Attracting Birds to your Garden this Spring
Springtime, with its many smells, sights, and sounds, is nearly upon us! And with the warmer temperatures and blooming vegetation comes the return of beautiful birds of all shapes, colors, and sizes. If you have children, attracting birds to your yard can be a great way to introduce them to the wonders of the natural world, as well as the scientific concepts of biology and ecology. In addition, there are some varieties of birds that act as pollinators, and others that reduce local pests like mosquitoes and flies. You can provide a welcoming hotel or vacation home for these feathery friends by taking care to incorporate a few different elements to your landscape and lawn.
First things first
With our warm springs and hot summers, water is one of the most essential components for a successful habitat for most any species of animal, and birds are no exception. The small puddles and pockets of water provided by your sprinklers and drainage system will help, but they are by no means enough for a healthy bird population. Birdbaths, like the concrete kind you find at garden and landscape stores, are ideal for many gardens, but you also have options that can be connected into a sprinkler system. Birds like water that is not stagnant, but they are also often satisfied by a heavy-bottomed dish on a picnic table or a plastic dish attached to a tree.
Birds will naturally gravitate toward locations with an abundance of native plants. In our area, Black-eyed Susans, Coneflower, and Red Cypress are all popular options. Keep in mind that while some native plants will naturalize readily to your yard, others may require small modifications to your lawn or plant-keeping methods to really thrive. Your lawn may not be as marshy as a plant’s native habitat, or it may be too wet at times. Do a little research in preparation for planting a bird-friendly native plant habitat in your lawn; talking with an agricultural co-op or extension service may be a good starting point.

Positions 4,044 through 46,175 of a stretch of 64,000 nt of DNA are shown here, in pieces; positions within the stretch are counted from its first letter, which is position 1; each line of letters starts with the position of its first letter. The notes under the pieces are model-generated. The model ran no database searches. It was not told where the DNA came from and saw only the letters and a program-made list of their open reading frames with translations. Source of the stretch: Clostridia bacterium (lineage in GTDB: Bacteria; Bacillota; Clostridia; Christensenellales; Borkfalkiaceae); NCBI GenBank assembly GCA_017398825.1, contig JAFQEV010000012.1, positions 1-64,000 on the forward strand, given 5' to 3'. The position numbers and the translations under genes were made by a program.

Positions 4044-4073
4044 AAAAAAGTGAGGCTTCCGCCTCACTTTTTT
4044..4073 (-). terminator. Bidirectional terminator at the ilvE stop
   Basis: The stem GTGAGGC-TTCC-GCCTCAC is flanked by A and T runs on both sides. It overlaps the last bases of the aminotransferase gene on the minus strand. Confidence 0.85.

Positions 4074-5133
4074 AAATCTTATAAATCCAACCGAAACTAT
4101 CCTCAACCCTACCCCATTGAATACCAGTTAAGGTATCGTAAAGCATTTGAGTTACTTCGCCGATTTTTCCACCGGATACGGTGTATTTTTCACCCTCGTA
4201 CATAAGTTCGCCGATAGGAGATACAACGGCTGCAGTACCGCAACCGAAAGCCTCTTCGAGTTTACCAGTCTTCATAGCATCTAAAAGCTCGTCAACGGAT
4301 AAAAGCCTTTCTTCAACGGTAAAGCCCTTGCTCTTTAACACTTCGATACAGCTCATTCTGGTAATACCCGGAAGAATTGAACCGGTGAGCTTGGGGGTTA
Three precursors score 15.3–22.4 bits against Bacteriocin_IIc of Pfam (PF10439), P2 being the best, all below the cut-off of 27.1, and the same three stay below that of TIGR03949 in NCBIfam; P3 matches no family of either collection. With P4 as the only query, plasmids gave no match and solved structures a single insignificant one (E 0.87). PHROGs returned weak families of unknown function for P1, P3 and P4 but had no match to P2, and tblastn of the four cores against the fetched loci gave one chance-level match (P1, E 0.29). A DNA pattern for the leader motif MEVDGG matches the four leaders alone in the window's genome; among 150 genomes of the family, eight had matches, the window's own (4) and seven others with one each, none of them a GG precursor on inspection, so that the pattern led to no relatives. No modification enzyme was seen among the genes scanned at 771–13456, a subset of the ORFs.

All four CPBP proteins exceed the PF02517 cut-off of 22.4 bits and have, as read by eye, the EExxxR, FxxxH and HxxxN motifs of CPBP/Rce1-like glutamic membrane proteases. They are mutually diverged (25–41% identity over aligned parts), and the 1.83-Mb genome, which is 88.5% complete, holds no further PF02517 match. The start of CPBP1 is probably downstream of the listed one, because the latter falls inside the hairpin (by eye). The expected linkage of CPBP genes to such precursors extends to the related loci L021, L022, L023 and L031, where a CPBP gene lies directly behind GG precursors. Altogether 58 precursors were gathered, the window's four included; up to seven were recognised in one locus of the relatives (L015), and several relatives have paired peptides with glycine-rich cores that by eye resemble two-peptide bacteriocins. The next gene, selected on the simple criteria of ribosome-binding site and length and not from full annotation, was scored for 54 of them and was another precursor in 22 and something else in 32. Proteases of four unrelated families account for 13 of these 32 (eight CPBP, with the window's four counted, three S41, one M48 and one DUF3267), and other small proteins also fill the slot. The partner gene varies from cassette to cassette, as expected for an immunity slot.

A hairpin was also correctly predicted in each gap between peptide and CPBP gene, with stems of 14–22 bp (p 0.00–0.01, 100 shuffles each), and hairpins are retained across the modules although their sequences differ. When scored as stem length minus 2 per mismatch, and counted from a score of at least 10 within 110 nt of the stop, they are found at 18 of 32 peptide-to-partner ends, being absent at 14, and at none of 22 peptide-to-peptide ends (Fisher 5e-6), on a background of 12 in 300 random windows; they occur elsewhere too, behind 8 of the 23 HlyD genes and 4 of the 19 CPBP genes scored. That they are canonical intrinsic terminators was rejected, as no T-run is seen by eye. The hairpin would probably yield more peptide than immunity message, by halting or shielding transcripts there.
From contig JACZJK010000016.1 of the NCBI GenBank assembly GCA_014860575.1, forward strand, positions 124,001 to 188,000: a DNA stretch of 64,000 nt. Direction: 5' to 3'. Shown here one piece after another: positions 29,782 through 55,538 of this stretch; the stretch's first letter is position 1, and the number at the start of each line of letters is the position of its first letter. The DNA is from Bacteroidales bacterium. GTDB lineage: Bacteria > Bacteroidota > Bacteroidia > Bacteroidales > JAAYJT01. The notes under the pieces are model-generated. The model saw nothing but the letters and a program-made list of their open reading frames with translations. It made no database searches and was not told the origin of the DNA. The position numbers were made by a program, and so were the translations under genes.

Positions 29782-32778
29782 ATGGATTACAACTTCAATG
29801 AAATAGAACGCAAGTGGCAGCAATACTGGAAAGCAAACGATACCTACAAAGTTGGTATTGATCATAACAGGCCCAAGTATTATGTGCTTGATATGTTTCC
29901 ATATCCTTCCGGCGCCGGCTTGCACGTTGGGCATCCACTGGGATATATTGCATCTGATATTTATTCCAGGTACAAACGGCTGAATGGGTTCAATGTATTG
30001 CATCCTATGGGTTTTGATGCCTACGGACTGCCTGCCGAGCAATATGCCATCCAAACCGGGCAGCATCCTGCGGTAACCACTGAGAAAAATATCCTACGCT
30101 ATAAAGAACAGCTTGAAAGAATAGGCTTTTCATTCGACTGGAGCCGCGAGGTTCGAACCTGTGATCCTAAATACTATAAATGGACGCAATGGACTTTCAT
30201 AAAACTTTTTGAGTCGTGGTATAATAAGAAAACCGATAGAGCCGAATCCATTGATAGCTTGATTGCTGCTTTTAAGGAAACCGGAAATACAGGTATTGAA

Hummingbirds are a species that most people would love to see more often in their gardens and yards. Beautifully colored and dainty to a point, these birds are a great addition to any suburban home. However, it is important know how to properly provide a welcome environment for these flighty creatures. Most people think that the red-colored sweet nectar you can find at most any garden store is the best thing for hummingbirds, but the truth is that the red dye in that liquid has actually been shown to be harmful in large quantities. The absolute best supplement for attracting hummingbirds is a simple sugar water mixture that mimics the nectar in the plants that hummingbirds feed on. The right proportion is three parts water and one part sugar, boiled together and cooled. You should change the water-sugar mixture in the feeder every three to four days to prevent the mixture from fermenting and getting your little hummer-friends drunk. NOT GOOD! Hummingbirds love plants that produce a lot of nectar in trumpet-shaped flowers. Red cypress, honeysuckle, and Cape Jessamine are great options. Be careful with honeysuckle, however, as it is classed as an exotic invasive. In some areas, it is illegal to plant new patches of this beautiful vine.
Bird feeders can be either perched or hung on various structures like trees, your home, or picnic tables. However, you should attempt to locate feeders far enough away from thick ground vegetation to prevent cats from stalking your little birds as they feed. You will also want to consider what type of bird you want to see the most of when choosing your feeder; finches and cardinals do not care too much about structure or style of feeder, but sparrows will only approach platform feeders and hate to put their heads inside any enclosed space.
Suet and fruit feeders are another great way to attract a large variety of birds, but keep in mind that you will have to wage war against hordes of squirrels in your quest to be the best bird friend in your neighborhood. A valuable defense option is the cone-shaped, slick metal “cap” that sits over the top of the feeder. You can also mount the feeder on a pole, and then regularly oil the shaft of the post. This will prevent squirrels from climbing the pole, and as long as the feeder is far enough away from any tree or wall that squirrels could use to jump directly to the top of the feeder pole. You could also set up a squirrel feeding station away from your bird feeder, and keeping it stocked may reduce the raids on your bird feeder.
These tips will make you the belle of the bird ball this spring, so get out and get tweety!